How to Eat Your Vitamins
It's possible to get your daily quota from your plate instead of the drugstore shelf. Here, the nutrients you need every day and how to get them from your diet.
CalciumWhat it does for you: It is essential for bone health and plays an important role in preventing osteoporosis.
How much you need daily: Up to age 50, women should get at least 1,000 milligrams daily; those over 50 should get at least 1,200. The body can't absorb more than 500 milligrams of calcium at a time, so small doses are best.
Best food sources: Dairy products are the most calcium-dense foods, but smaller amounts can be found in legumes and dark green, leafy vegetables.
How to eat enough of it: An eight-ounce glass of skim milk, one cup of yogurt, one cup of cooked spinach, and one fig will get you to your calcium goal. If you don't eat dairy, look for calcium-fortified soy milk or orange juice.
What it does for you: It enhances calcium absorption. A vitamin D deficiency can lead to osteoporosis and has been linked to certain cancers, as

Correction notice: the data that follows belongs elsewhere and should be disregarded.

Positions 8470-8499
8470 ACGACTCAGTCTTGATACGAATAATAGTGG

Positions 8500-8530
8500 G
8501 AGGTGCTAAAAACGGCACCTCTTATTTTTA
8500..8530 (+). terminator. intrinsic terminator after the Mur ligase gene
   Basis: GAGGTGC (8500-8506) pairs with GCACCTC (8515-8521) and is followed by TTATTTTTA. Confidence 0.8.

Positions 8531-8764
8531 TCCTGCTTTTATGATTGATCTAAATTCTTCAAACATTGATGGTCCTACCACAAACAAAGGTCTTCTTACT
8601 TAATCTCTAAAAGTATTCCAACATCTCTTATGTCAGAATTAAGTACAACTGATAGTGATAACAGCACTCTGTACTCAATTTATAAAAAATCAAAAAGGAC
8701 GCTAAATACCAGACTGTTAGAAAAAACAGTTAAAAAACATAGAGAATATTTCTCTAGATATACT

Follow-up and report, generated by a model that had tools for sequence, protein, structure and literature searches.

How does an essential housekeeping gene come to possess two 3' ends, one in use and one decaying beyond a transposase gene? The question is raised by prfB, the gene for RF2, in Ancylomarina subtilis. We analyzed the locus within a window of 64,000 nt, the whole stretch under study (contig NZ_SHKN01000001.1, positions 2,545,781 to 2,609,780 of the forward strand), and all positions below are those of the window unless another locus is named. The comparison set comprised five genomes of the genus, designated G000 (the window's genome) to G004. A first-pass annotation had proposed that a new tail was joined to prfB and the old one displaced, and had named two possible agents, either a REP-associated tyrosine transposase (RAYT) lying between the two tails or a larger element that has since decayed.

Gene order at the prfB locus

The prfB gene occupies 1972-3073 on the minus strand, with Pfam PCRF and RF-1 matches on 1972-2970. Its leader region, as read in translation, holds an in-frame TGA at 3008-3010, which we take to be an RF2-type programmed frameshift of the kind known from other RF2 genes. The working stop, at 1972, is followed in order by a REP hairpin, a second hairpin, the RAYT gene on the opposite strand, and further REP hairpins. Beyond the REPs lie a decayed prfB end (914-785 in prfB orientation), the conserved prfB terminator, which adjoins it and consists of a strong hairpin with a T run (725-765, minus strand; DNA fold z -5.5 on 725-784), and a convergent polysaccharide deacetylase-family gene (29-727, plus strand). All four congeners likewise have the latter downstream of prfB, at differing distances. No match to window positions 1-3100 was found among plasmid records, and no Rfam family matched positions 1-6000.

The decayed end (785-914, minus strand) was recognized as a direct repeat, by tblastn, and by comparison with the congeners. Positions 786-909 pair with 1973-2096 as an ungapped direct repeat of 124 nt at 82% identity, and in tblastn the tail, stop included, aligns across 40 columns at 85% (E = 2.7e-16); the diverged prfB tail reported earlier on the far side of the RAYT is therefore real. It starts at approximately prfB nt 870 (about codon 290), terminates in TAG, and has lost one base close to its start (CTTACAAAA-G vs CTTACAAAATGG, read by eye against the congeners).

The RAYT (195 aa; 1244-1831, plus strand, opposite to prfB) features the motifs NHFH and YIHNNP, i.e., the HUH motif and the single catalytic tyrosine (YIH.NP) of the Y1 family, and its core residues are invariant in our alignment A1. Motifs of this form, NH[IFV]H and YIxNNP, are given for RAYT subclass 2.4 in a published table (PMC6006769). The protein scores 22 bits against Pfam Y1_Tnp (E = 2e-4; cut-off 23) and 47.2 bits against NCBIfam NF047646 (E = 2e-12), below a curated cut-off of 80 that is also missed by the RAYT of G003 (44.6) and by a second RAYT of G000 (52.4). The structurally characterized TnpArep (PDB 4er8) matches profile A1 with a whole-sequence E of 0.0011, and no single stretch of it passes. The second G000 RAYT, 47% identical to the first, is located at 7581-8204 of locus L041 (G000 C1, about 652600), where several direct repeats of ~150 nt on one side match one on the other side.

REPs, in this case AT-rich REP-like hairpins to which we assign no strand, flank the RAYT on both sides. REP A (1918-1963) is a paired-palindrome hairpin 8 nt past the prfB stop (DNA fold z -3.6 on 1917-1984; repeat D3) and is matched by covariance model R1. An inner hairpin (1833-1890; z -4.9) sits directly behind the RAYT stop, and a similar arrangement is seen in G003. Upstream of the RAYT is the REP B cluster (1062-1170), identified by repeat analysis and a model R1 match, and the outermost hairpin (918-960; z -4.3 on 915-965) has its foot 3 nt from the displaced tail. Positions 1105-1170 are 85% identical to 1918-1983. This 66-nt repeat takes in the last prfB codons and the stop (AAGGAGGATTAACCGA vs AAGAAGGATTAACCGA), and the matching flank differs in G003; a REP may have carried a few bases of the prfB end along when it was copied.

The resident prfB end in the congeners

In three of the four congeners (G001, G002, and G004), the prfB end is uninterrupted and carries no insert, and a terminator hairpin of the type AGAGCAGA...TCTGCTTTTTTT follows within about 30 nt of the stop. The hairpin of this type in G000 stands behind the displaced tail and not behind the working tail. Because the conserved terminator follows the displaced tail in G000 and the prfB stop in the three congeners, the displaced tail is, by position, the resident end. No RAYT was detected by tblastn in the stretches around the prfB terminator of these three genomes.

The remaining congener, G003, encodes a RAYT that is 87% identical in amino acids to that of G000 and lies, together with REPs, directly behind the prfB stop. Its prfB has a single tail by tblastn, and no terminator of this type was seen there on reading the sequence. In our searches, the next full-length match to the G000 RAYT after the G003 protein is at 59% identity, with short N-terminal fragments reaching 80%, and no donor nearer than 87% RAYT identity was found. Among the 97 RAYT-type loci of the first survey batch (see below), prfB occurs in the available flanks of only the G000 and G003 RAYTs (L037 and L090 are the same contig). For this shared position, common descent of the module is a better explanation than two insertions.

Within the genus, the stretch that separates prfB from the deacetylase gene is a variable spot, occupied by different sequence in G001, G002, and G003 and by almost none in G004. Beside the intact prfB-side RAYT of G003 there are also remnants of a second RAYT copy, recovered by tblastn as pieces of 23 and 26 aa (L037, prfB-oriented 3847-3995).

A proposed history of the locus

well as to multiple sclerosis, type 1 diabetes, and other chronic illnesses.
How much you need daily: Two hundred IUs for women up to age 50, and 400 to 600 IUs for those over 50.*
Best food sources: Although some is found in fatty fishes, like tuna and salmon, most of our vitamin D comes from fortified foods, like milk and cereal. The body also produces its own vitamin D when exposed to sunlight.
How to eat enough of it: If you're under 50, one 3 1/2-ounce serving of salmon or two cups of fortified milk will give you the RDA. Ten to 15 minutes of sunlight (with no sunscreen) two to three times a week is usually sufficient, too.
*Fat-soluble vitamins, such as D and E, are typically measured in IUs, or international units, instead of milligrams or micrograms.